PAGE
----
5. Patrick S. O'Donnell says:

    I think it’s a safe generalization that “the Progressive Era and New Deal Reforms established the legal framework within which the federal government regulates the marketplace, financial dealings, labor relations, and agricultural production. Although legislation has been amended, rules and procedures judicially revised or augmented, and some regulatory bodies eliminated, the basic structure and methods of economic regulation remain in effect.” Scott R. Bowman

  6. Patrick S. O'Donnell says:

    John Updike concludes his New Yorker review (July 2, 2007) of Shlaes’ revisionist history of the Depression with the “emotional and nostalgic appeal” you reference:

    “…[T]he two men of my snug household, my father and my maternal grandfather, had both taken deep economic wounds: my grandfather had lost almost all his investments in the stock-market crash, and my father had been laid off from his job as a happily peripatetic telephone lineman. He endured a long interval of odd jobs and no job, with summer stints on local W.P.A. projects. Fortunately, the town school board eventually hired him, for twelve hundred dollars a year, as a math teacher. The job saved him for respectability, but he never forgot the trauma of being out of work with an infant son and no home of his own, in a world with no economic safety net, just breadlines. Hoover in his obtuse aloofness later wrote of the crisis, ‘Many persons left their jobs for the more profitable one of selling apples.’ Shlaes’s account of economic-philosophy wars en haut in Washington could have done with a little of the gritty testimony Studs Terkel collected, for instance that of Peggy Terry, who remembered of a soup line: ‘So we’d ask the guy that was ladling out the soup into the buckets—everybody had to bring their own bucket to get the soup—he’d dip the greasy, watery stuff off the top. So we’d ask him to please dip down to get some meat and potatoes from the bottom of the kettle. But he wouldn’t do it.’

    My father had been reared a Republican, but he switched parties to vote for Roosevelt and never switched back. His memory of being abandoned by society and big business never left him and, for all his paternal kindness and humorousness, communicated itself to me, along with his preference for the political party that offered ‘the forgotten man’ the better break. Roosevelt made such people feel less alone. The impression of recovery—the impression that a President was bending the old rules and, drawing upon his own courage and flamboyance in adversity and illness, stirring things up on behalf of the down-and-out—mattered more than any miscalculations in the moot mathematics of economics. Business, of which Shlaes is so solicitous, is basically merciless, geared to maximize profit. Government is ultimately a human transaction, and Roosevelt put a cheerful, defiant, caring face on government at a time when faith in democracy was ebbing throughout the Western world. For this inspirational feat he is the twentieth century’s greatest President, to rank with Lincoln and Washington as symbolic figures for a nation to live by.”

  7. Nate Oman says:

    “Roosevelt made such people feel less alone. The impression of recovery—the impression that a President was bending the old rules and, drawing upon his own courage and flamboyance in adversity and illness, stirring things up on behalf of the down-and-out—mattered more than any miscalculations in the moot mathematics of economics. Business, of which Shlaes is so solicitous, is basically merciless, geared to maximize profit. Government is ultimately a human transaction, and Roosevelt put a cheerful, defiant, caring face on government at a time when faith in democracy was ebbing throughout the Western world. For this inspirational feat he is the twentieth century’s greatest President, to rank with Lincoln and Washington as symbolic figures for a nation to live by.”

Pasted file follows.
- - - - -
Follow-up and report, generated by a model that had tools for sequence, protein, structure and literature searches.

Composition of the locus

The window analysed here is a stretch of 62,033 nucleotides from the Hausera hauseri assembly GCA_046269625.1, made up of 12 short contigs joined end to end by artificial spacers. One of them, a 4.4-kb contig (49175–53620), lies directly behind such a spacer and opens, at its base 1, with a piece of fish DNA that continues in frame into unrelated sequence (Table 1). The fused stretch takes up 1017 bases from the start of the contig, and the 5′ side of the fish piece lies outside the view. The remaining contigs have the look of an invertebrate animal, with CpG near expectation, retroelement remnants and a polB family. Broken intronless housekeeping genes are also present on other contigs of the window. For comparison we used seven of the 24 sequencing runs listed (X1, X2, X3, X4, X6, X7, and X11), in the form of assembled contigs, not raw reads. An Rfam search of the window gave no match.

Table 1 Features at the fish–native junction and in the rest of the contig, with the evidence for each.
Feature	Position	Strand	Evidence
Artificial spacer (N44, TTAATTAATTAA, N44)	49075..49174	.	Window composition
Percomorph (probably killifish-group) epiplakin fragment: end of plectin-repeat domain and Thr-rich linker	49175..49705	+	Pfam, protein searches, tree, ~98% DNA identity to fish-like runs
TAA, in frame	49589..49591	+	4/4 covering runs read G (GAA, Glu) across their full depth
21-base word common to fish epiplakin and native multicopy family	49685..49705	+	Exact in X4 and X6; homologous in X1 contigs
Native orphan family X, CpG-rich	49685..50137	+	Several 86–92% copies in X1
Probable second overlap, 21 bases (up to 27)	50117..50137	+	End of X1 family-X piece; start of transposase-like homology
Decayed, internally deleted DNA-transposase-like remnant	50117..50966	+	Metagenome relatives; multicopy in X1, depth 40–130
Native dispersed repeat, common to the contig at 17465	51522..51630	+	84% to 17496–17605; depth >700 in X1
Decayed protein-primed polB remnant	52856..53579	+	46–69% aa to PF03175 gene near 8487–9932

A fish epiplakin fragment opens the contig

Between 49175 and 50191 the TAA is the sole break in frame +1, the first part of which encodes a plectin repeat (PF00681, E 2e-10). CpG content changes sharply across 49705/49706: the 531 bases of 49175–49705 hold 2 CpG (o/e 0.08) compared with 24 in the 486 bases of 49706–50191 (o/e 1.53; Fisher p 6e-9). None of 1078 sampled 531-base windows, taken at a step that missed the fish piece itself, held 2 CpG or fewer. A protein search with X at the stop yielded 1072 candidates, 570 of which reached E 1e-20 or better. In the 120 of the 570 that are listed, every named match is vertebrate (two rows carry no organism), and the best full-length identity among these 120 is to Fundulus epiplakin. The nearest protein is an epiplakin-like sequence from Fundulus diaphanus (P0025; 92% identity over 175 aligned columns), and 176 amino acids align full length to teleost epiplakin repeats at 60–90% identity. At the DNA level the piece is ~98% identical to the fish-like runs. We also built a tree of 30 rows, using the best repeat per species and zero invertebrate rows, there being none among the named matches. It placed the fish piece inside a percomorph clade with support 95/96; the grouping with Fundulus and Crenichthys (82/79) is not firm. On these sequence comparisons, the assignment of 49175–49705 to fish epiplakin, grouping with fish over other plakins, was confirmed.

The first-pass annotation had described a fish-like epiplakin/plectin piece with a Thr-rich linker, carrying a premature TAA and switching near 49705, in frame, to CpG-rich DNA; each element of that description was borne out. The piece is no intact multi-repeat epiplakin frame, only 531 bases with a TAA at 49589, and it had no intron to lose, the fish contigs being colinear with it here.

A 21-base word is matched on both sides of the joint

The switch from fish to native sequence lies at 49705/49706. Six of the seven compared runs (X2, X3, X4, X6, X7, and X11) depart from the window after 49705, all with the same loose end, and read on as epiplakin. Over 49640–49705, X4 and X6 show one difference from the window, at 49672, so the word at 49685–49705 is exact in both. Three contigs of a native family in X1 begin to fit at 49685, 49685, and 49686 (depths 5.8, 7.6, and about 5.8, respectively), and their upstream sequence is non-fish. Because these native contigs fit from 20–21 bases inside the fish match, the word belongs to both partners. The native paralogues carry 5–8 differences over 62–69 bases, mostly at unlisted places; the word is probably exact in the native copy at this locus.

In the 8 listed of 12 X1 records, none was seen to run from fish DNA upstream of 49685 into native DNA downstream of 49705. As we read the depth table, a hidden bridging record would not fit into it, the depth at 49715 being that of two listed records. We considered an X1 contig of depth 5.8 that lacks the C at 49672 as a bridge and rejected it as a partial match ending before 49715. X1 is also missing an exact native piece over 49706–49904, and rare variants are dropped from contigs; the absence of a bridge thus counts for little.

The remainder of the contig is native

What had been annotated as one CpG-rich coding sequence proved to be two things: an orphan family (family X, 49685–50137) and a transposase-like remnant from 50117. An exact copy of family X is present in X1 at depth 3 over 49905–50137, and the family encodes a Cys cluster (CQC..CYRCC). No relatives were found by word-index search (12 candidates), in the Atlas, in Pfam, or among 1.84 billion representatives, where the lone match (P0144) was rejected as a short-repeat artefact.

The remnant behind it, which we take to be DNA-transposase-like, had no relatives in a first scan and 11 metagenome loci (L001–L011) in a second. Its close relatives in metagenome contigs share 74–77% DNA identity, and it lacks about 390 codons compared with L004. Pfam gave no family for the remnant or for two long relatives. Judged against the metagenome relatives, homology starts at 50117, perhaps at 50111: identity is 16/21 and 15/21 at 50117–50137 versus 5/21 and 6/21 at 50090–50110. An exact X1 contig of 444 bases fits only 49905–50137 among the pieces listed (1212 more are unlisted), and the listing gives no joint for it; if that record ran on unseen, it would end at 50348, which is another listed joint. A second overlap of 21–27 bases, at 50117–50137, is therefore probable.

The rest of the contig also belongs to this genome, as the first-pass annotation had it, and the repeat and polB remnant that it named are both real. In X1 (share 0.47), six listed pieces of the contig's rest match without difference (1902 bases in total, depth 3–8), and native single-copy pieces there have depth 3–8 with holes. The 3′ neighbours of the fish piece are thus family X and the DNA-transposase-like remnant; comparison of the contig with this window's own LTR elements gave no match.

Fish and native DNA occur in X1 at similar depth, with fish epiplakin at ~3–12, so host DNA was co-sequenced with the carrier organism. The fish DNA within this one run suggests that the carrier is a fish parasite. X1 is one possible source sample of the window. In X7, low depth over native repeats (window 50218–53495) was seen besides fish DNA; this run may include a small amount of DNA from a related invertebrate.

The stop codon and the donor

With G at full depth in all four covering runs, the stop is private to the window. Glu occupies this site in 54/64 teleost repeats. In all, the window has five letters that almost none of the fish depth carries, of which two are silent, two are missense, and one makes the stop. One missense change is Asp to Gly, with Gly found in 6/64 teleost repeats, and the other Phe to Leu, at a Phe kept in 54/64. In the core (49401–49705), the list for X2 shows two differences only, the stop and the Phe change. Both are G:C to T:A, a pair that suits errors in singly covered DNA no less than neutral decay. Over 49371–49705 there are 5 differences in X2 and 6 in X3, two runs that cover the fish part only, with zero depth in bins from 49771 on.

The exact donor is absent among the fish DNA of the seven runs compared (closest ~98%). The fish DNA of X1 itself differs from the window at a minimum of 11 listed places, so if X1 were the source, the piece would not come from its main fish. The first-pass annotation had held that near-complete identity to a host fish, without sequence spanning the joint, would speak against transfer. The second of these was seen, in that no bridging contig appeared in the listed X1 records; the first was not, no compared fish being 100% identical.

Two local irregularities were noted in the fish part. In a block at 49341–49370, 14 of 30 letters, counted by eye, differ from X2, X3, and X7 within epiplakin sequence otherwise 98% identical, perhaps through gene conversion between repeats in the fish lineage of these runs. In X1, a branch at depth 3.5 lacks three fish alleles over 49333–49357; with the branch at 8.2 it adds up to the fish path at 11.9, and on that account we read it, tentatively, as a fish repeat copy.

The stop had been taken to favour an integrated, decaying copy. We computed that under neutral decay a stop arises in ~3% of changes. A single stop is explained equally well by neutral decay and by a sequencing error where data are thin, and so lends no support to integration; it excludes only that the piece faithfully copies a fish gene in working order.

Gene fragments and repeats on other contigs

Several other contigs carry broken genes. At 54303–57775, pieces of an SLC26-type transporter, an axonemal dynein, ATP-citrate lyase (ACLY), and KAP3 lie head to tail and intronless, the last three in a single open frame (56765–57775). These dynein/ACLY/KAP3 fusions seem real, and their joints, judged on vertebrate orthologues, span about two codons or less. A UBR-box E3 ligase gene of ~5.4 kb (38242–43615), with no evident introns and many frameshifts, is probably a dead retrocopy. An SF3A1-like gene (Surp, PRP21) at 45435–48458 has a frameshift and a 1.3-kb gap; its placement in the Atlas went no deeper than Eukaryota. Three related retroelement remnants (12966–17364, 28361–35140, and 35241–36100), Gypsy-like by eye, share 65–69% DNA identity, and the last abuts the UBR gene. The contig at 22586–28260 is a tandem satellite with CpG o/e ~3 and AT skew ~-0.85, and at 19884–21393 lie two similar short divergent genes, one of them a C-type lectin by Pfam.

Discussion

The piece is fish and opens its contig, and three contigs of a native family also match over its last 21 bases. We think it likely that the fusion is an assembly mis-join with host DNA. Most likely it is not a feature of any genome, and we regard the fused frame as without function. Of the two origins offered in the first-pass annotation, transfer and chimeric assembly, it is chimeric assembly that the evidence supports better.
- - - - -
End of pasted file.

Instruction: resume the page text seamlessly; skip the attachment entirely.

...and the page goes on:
This is a really wonderful passage, and it captures the New Deal zietgiest and its subsequent myth-making wonderfully. It also captures why FDR was such a powerful figure and why his legacy remains so important, particularlly in its characterizations of business and government. I would simply point out two things:

    First, one can reverse one’s emotional attitudes towards government and business. After all, it is easy enough to tell stories about heartless government bureacracies and the flexible humanity of the private sector.

    Second, Updike’s summation (and the story of his father’s family) doesn’t come anywhere near making an economic apology for the New Deal. If, as Shlaes contends, the New Deal made no macroeconomic sense, delayed economic recovery for almost a decade, and caused the vicious downturn of 1937, then the fact that FDR made people feel loved may not be the end of the story. Of course, Shlaes may be wrong, but one will have to marshall real economic arguments against her analysis. Whatever his other talents, I think that it is safe to say that John Updike lacks the ability to do so one way or another.

  8. Nate Oman says:

    I would also point out that Shlaes economic arguments are hardly revisionist among economists. Political historians may still believe in the New Deal narrative of economic events in the Great Depression, but most economists jettisoned it long ago. For Keynsians the New Deal (as opposed to war) spending was not big enough, and non-Keynsians have had Friedman’s monetary story of deflation since the early 1960s. Her economics is only revisionist within the essentially ignorant and economically illeterate literary world inhabited by Updike. Yet another reason that novelists probably don’t make the best makers of macroeconomic policy.